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Statistical Reasoning & Practice, Week 6 Notes

by: Monica Chang

Statistical Reasoning & Practice, Week 6 Notes 36-201 Stats Reason

Marketplace > Carnegie Mellon University > Statistics > 36-201 Stats Reason > Statistical Reasoning Practice Week 6 Notes
Monica Chang

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- probability models: discrete random variables and binomial distribution - probability models: continuous variables and normal distribution - normal density curve - standardized normal distribu...
Stats and reason
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This 6 page Class Notes was uploaded by Monica Chang on Tuesday October 11, 2016. The Class Notes belongs to 36-201 Stats Reason at Carnegie Mellon University taught by Weinberg in Fall 2016. Since its upload, it has received 2 views. For similar materials see Stats and reason in Statistics at Carnegie Mellon University.

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Date Created: 10/11/16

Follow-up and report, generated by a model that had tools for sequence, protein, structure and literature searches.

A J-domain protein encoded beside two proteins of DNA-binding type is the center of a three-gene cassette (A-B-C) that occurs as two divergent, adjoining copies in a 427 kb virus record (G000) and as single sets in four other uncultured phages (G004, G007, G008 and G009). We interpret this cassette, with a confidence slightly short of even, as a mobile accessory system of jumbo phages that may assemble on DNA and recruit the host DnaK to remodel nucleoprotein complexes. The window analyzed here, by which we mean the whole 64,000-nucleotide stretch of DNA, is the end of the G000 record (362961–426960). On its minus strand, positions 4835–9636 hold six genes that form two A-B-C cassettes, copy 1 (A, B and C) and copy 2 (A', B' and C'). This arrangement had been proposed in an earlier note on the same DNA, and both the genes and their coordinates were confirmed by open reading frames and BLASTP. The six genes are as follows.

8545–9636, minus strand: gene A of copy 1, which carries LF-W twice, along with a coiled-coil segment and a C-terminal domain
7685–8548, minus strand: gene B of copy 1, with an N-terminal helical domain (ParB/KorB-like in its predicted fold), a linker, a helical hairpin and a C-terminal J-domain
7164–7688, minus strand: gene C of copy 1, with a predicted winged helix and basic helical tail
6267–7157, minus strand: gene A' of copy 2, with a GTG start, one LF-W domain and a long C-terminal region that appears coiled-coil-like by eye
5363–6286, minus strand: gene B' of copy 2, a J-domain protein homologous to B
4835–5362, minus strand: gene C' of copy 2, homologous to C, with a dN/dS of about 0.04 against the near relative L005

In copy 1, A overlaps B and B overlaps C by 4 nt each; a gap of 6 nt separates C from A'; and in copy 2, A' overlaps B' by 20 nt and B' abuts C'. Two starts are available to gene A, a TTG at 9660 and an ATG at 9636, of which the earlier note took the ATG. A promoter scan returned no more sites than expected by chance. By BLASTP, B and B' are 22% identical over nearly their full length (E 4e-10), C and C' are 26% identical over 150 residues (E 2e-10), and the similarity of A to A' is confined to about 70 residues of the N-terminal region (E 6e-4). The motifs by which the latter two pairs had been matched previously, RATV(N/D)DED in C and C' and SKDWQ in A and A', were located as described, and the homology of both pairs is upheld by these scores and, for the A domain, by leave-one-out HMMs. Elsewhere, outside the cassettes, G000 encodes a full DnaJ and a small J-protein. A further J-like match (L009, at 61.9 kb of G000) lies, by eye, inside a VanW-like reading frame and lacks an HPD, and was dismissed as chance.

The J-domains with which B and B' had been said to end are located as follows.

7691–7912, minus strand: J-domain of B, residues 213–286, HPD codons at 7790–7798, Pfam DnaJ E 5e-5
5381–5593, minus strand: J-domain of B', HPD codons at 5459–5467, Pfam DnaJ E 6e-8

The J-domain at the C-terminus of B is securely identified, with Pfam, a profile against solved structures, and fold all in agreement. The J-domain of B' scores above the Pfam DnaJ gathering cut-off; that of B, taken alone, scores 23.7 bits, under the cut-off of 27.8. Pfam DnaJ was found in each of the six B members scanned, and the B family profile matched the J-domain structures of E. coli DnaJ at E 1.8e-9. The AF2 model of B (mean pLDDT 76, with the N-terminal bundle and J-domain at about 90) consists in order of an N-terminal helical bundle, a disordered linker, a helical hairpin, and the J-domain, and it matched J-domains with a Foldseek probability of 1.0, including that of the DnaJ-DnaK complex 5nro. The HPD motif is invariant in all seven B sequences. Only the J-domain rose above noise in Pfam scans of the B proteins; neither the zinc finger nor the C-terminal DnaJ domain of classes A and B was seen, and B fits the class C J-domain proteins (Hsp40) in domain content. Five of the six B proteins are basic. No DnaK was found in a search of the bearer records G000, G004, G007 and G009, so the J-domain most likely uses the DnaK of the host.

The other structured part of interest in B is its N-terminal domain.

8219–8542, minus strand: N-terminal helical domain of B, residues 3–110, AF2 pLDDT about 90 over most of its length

Week 6 Probability models of data: discrete random variables & the binomial counts distribution: - Using intentionally imposed randomness in studies allows us to measure variation with probability - The things that are probability-modeled are called random variables (we want to measure variation across samples) - Random variable – an outcome of a random phenomenon that takes numerical values o Discrete random variable – random variable that can only have separated and usually finite number of outcomes  Probability of discrete rv distribution is usually represented by a one-variable probability table or relative-frequency histogram  Ex. Sample count, X, is a discrete random variable (e.g. the sample count of survivors across different samples animals in population) o Continuous random variable –random variable that takes an entire interval of numerical outcomes  Probability of continuous rv distribution is usually represented by a density curve that models a relative-frequency histogram ´  Ex1. Sample mean, X is a continuous random variable (e.g. the average of salary (which comes from quantitative data) across different samples of workers in population). Note: lower-case x bar is for a single sample (called a “realization”) and the general term is capitalized  Ex2. Sample Proportion, P (which comes from categorical data), is a continuous random variable (e.g. the sample proportion of democratic voters across different samples of voters in a population). Note: p for is proportion, and hat is for “computed from data” - Example of discrete random variable: Car occupancy o Interested in the # of people per automobile on road in a city 1. Define probability experiment: randomly select car on road 2. Define random variable: X=count of # of people in car 3. Assign probabilities to X: in this case, probabilities estimated from studies o Create one-variable probability table or probability histogram to represent the probability distribution of X (# of occupants per car) for population of cars o Any value of X is unpredictable, but the probability distribution let’s us model allows us to model predictable features in the long-run (in a large group or population of cars) o The predictable feature of a discrete random variable is: shape, center, spread o These features were the same ones we used to describe for a quantitative, but now the features of the random variable don’t represent a sample variable for a sample of people, but rather the hypothetical/long-run features of the population  Shape: we can get that from the histogram  Center: Mean of discrete random variable (AKA expected value): μx=x 1p 1x ∗2 +…2x ∗p n n  In the example, the mean number of car occupants is the weighted sum of the different occupant outcomes  Note: for the mean of continuous random variable, you need to find the integral (calculus), so we will only cover special cases  like normal distributions when mean is known due to symmetry  Spread: Standard deviation of a discrete random variable: σ x √ (μ1∗p x)x −1 (p2+…+x) −μ2∗p ( n x) n  Note: finding std. dev. for continuous random variable requires integral calculus, so we won’t be calculating these, they’ll be given if necessary - Special case of discrete random variable - Binomial Distribution: o You get a special case rv by counting # of successes in binary measurement o Example question of interest: If you roll a six- sided die 18 times, and 4 only appears once, is there strong evidence that the die is loaded, or is it just random variation? o Binomial conditions: 1. Fixed sample size for every run of study 2. Two outcomes (success or failure) for each observation 3. Each observation is independent of others (random sampling and select with replacement or population size has to be 10-20 times as large as sample size) 4. Probability of success is the same for each observation of sample (random sampling) o Example: 8 lab rats are vaccinated with a vaccine that has a prevention rate of 40%. The lab rats are then exposed to disease. 1. Fixed sample size: n=8 2. For each animal in study, there is either “success” or “failure” 3. The outcome from animal to animal are independent because it’s a random sample from large population 4. Fixed probability of success for each outcome because we are given p=.40  Random variable = count of rats that live out of n=8  Because the study meets all the Binomial conditions, then the count X of successes in n trials, has a particular probability distribution  Ex. What is the change that 3 will survive (3 successes) 3 5  P(X=3)=0.2784=56 (0.4) 0.60)  In general, if we have n items of either success or failure that are selected from a population with a chance p of success, and if Binomial conditions are met, then the probability of x successes out of n is: P xsuccessesoutof n= n ∗p ∗ 1−p )−x (x - Notes on notation: o Uppercase vs. Lowercase  Uppercase denotes random variable  Lowercase denotes a fixed number (i.e. parameter, or value/”realization” of random variable) o P’s  P – denotes sample proportion (e.g. binomial proportion of success), is random variable b/c changes from sample to sample (therefore uppercase), is sample statistic that estimates p  p – denotes true population proportion, is a fixed value (therefore lowercase), is a population parameter  P( ) – means “probability of” o X vs X´  X – denotes sample count, categorical measurement (e.g. binomial)  X´ - denotes sample mean, quantitative measurement - In general: o Discrete random variable  Represented by 1-var probability table  Probabilities come from studies or sometimes special formulas (e.g. binomial) o Continuous random variable  Represented by density curves  Probabilities computed using area under density curve More probability models of data: Density curves for continuous variables, and the Normal Distribution: - We naturally sketch a smooth curve over histogram of data, called a density curve. It is an idealization of distribution for continuous variable - For all density curves: area under curve = proportion of observations = relative frequency = probability - Density curve: o Idealized curve that represents frequency distribution o Always about x-axis o Scaled to total area of 1 (i.e. 100%), so area can be used for probability - Notation: o Mean of density curve denoted by μ (lowercase mu) o Standard deviation of density curve denoted by σ (lowercase sigma) - Example of density curves: o Skewed density curves o Uniform Density curves (plateau) o *Normal Curves (bell curves) Normal density curve (in more detail): - Why are they the most important type? o For data, b/c a lot of the time, they model variables that come from mixing many independence factors (in biology, behavior, stock, etc.) o For sampling, normal curves model certain features of randomly selected samples (central limit theorem) - Features of normal distributions: o Symmetric, unimodal o Mouth-down top, gradual concave-up, symmetric tails (one standard deviation takes you to the points of inflecti2n), general shape is like the function f(x=e −x o Bell-shaped o Mean, μ, measures center o Standard deviation, σ, measures spread - 68 – 95 – 99.7 approximation (empirical rule) for normal distributions: o ~ 68% of individuals fall within 1 std. dev. of mean o ~ 95% of individuals fall within 2 std. dev. of mean o ~ 99.7% of individuals fall within 3 std. dev. of mean - Standardized Normal Distribution o Mean μ=0 o Standard deviation σ=1 o Standard Normal curve: N(0,1) o Standard normal curves serve as a reference for discussing probability of all normal distributions because all normal curves w/ the same z-scores correspond to the same area How probability distributions are used for evaluating a claim: - 1. Conduct study. - 2. Model the data (distribution), based on a claim about population - 3. Use area under model to determine likelihood of potential outcome - 4. Get more data to evaluate claim. If outcome is unlikely based on model, then there is evidence against the claim. Standardized score (Z score): observation−mean - Z= standard deviation Probability table for standard normal probabilities: - Table entries give area to the left of z (probability) - Rows give z score Columns give the hundredths decimal place of z score